Are you looking for a career that combines income and purpose? Many folks on the other side of 50 have been thrust into exploring options outside their primary profession due to unemployment or a down economy; others, still in a job, are looking toward the day they can bid their boss a hearty goodbye and head off to their dream job.
Whatever the motivation, a good dose of reality can lead to greater success in your encore career. This advice is from your author, who “found her calling” in her late 40s and today works a couple of dream jobs.
Rule No. 1: Build a nest egg or learn to live on a lot less than you do now. This may seem obvious, but following your passion will most likely pay far less than your previous salary did. If you really want to be happy in your new career, create a financial plan that reflects this reality, or you can take the advice of my old accounting teacher, who said “Two can live as cheaply as one, if one doesn’t eat.”
Rule No. 2: Test it out. There’s no better method for deciding if your new career is right for you than experiencing it in advance. If you want to run an organic dairy farm in Modesto, take a sabbatical or a vacation and immerse yourself in the job. Within a few weeks you’ll have a good idea if it’s right for you.
If the job is one you can’t “test out,” attend an industry conference, speak with people who transitioned into your proposed field and get answers to these questions: How hard was the transition? What obstacles did they overcome? What new skills did they need to acquire?
Rule No. 3: Develop your skills in advance. Secure careers require experience, skills and, in many cases, training or certification. Want to run a nonprofit that serves the needs of seniors in your community? Besides management skills, you’ll need financial, fundraising, grant writing and program development skills as well as experience working closely with a small staff and a larger group of volunteers.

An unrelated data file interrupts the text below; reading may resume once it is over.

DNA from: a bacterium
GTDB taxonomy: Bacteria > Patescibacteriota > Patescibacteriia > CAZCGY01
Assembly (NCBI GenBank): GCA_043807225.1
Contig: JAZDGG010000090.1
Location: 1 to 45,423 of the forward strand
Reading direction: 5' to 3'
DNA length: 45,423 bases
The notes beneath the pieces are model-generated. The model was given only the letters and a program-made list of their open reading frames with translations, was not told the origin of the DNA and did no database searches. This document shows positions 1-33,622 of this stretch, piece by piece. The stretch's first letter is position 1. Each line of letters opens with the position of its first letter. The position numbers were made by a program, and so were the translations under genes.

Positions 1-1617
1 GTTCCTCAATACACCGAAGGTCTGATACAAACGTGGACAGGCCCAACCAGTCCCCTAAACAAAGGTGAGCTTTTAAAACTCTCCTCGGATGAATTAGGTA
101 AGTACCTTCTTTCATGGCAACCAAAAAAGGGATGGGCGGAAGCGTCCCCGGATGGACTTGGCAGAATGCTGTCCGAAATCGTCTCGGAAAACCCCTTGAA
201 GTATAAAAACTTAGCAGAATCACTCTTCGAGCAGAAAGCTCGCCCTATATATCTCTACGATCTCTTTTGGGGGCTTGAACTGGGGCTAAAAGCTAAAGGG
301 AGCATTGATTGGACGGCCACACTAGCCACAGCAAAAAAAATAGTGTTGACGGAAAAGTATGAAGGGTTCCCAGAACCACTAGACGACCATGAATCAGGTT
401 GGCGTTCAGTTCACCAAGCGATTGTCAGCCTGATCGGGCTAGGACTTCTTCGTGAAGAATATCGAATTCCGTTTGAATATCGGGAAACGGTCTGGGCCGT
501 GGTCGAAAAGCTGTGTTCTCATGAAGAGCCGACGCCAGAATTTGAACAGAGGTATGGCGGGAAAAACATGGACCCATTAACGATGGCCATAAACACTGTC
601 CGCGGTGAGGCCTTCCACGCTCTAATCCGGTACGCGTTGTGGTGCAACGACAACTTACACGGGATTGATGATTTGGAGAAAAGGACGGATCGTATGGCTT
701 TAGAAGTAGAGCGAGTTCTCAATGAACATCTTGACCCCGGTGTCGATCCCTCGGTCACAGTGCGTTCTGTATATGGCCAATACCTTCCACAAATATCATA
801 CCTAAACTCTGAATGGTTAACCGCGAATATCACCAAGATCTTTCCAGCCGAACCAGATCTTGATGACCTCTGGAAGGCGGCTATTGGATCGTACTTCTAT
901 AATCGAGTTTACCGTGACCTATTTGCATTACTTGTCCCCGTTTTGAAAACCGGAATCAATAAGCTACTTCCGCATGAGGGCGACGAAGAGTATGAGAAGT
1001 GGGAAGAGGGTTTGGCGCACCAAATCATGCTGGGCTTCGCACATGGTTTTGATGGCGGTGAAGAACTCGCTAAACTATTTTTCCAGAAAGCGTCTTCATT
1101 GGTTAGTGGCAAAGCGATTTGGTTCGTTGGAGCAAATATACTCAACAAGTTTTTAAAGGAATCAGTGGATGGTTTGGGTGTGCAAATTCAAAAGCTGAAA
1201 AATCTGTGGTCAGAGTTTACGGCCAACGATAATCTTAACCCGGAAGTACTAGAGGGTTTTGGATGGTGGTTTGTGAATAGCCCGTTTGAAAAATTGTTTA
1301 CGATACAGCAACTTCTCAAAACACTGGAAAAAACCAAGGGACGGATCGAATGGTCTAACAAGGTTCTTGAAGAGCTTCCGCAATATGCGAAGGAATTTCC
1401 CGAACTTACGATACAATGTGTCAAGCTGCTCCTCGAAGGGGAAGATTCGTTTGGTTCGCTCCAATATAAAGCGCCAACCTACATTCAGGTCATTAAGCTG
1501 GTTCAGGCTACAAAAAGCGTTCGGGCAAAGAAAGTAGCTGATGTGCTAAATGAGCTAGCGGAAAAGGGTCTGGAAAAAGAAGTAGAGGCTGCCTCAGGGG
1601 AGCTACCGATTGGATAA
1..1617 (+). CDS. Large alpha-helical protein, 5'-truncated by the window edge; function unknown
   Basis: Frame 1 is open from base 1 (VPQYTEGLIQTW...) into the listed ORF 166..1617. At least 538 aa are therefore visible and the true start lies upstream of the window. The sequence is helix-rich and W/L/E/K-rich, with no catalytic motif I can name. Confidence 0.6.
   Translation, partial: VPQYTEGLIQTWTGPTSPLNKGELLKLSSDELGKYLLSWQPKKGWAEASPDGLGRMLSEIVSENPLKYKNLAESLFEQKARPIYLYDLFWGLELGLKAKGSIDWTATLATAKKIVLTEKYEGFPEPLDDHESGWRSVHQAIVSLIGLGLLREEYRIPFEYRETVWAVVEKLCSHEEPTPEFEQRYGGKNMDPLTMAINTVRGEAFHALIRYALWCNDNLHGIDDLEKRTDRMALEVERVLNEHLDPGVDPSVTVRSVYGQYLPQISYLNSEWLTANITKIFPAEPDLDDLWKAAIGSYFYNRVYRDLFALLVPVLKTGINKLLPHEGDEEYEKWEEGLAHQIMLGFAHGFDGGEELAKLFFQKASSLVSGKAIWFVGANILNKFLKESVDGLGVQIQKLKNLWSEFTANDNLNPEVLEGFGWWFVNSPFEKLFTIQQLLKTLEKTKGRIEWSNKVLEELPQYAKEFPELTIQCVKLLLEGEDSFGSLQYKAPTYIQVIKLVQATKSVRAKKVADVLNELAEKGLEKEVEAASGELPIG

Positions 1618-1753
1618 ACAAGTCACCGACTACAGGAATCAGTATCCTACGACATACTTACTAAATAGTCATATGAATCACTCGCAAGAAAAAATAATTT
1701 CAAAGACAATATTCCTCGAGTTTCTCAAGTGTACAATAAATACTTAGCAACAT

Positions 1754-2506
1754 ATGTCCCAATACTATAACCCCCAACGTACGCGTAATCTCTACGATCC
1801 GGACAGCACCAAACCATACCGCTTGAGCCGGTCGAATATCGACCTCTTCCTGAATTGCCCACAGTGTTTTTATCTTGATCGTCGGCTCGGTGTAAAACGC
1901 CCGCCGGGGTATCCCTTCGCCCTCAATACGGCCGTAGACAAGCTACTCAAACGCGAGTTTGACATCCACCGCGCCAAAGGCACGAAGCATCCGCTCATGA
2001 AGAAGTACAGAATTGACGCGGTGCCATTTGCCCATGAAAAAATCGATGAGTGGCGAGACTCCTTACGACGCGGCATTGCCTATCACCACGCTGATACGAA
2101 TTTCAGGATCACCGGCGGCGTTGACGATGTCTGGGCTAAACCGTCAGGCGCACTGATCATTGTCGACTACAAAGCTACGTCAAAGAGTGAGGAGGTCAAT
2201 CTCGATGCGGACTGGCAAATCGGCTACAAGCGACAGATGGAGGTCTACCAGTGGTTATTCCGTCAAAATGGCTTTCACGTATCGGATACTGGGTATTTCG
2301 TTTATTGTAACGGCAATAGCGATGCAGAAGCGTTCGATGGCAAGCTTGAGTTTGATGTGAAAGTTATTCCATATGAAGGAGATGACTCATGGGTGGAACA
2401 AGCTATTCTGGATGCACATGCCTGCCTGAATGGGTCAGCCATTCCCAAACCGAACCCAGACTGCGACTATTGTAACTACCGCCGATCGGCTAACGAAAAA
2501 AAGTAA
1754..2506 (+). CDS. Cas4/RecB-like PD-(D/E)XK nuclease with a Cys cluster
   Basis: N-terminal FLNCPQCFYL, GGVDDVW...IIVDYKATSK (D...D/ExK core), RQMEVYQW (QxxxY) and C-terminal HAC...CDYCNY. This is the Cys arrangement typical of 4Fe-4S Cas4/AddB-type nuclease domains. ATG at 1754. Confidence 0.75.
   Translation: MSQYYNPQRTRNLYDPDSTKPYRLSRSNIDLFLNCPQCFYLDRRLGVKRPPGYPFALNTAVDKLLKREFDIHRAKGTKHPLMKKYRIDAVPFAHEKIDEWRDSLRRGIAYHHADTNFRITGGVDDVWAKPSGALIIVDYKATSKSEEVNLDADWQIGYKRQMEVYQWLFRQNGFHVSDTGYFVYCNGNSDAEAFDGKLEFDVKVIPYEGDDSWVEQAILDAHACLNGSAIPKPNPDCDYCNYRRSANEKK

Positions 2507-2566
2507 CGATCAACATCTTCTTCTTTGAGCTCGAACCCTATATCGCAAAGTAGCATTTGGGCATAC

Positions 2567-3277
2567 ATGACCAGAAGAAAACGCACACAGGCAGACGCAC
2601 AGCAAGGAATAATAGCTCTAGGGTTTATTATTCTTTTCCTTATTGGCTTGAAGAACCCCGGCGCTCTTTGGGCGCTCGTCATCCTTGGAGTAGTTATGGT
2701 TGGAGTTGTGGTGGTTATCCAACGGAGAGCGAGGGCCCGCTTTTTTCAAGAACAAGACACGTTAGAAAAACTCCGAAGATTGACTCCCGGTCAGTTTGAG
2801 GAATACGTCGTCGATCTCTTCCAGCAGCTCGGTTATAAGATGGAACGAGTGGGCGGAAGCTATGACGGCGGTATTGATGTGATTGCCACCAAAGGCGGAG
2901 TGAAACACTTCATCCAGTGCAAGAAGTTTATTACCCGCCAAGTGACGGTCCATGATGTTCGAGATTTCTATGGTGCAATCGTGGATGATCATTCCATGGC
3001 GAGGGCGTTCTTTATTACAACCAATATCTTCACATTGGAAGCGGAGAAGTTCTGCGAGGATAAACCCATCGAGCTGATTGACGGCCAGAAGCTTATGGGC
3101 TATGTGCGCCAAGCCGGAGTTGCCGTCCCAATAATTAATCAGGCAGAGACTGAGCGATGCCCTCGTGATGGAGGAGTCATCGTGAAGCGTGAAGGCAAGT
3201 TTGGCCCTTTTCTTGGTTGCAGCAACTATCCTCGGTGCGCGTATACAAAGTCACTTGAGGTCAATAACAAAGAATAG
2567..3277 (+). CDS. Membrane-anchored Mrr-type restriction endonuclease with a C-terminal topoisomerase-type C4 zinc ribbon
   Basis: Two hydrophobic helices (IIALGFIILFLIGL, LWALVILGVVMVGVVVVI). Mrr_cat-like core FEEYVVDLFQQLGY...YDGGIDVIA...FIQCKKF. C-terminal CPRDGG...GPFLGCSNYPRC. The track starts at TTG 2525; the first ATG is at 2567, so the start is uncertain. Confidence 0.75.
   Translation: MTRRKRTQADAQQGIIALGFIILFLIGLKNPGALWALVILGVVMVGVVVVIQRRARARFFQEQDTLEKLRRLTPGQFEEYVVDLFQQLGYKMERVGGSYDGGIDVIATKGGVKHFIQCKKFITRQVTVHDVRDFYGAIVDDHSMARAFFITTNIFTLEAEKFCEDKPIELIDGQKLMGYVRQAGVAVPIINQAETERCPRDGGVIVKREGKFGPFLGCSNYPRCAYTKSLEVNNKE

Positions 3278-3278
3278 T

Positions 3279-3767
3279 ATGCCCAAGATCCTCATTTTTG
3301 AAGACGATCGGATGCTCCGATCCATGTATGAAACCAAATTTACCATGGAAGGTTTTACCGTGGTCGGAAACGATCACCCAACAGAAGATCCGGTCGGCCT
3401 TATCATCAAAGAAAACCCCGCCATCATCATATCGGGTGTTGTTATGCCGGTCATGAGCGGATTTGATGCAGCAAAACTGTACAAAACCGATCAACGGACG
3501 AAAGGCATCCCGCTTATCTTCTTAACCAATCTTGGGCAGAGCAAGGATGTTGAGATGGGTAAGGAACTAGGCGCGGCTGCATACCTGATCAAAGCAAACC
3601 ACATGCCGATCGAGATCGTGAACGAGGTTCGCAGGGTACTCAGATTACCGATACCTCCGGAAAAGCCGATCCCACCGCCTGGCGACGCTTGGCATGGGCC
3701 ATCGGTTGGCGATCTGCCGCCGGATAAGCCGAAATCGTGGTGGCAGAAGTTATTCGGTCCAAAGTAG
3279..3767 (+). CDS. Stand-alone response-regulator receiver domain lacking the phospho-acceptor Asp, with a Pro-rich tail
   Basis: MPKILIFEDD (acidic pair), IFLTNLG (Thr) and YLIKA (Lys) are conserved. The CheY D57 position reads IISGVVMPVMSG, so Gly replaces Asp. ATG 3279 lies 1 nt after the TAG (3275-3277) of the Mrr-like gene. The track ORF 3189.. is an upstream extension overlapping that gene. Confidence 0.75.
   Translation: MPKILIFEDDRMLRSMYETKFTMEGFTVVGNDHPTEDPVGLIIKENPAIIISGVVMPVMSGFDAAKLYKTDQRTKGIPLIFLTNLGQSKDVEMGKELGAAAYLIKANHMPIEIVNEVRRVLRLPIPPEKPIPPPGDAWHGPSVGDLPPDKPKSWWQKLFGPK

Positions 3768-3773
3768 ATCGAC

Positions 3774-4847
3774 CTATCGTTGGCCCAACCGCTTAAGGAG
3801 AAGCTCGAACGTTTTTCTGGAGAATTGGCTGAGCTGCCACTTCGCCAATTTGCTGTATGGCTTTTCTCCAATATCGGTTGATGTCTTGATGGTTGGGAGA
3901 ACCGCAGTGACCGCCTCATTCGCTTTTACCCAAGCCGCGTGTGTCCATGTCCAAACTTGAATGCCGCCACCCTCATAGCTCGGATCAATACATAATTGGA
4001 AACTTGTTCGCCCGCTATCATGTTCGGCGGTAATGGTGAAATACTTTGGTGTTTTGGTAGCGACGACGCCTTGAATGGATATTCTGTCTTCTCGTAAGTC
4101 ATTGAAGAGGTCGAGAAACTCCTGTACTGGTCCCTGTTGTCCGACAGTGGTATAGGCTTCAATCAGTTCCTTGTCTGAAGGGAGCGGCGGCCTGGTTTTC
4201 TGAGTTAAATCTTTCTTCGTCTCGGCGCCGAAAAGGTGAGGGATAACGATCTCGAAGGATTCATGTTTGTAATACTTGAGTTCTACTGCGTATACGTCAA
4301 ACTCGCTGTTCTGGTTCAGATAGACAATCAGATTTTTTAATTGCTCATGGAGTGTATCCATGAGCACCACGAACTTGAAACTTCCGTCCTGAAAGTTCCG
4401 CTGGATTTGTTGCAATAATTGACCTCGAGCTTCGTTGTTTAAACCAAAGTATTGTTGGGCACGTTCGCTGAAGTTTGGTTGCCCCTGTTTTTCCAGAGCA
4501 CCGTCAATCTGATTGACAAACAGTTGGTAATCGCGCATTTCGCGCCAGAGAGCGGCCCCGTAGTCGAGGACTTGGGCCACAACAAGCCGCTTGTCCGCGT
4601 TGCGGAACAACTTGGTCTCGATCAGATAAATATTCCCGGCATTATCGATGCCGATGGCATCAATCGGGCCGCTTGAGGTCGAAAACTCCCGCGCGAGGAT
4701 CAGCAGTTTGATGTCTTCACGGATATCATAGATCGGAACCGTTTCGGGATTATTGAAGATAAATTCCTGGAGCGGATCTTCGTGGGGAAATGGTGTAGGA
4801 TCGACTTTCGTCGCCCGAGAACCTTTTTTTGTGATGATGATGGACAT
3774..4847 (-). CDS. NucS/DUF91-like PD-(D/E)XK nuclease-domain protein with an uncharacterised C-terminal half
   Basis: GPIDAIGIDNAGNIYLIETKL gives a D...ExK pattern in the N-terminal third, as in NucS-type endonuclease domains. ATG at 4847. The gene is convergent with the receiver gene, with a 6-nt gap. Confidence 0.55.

Ask yourself if you have the right skill set for your dream job. Are you following your plan to obtain the needed training and certification while still earning a paycheck?
Rule No. 4: Build your network. If you’ve spent 25-plus years in one industry, chances are you have lots of industry-specific contacts and those contacts have been invaluable in terms of information, referrals, recommendations, advice and counsel.
Building your new network will take time, confidence, effort and skill. Volunteer in your new field to find the right people to meet. Building that network will be essential for obtaining your new dream job.
Rule No. 5: Show leadership. There’s an industry association for almost every profession, and each one of them is looking for leaders. You almost certainly have a skill they need. Join your new industry association today and find a way to make a contribution. This is one of the best ways to make a name for yourself, to be remembered and to be referred.
Rule No. 6: Give yourself permission to fail. Allowing for the possibility of failure will give you the freedom to make choices and decisions that may sometimes be outside your comfort zone.
Telling myself it’s okay to fail set me free to live my life in a way that aligned with my values and gave me the confidence to keep going when others told me my new business wouldn’t work. That permission also gives me the right to go in a different direction if new insights and ideas take me there.
As author H. Jackson Brown Jr. (“Life’s Little Instruction Book”) said, “Be bold and courageous. When you look back on your life, you’ll regret the things you didn’t do more than the ones you did.”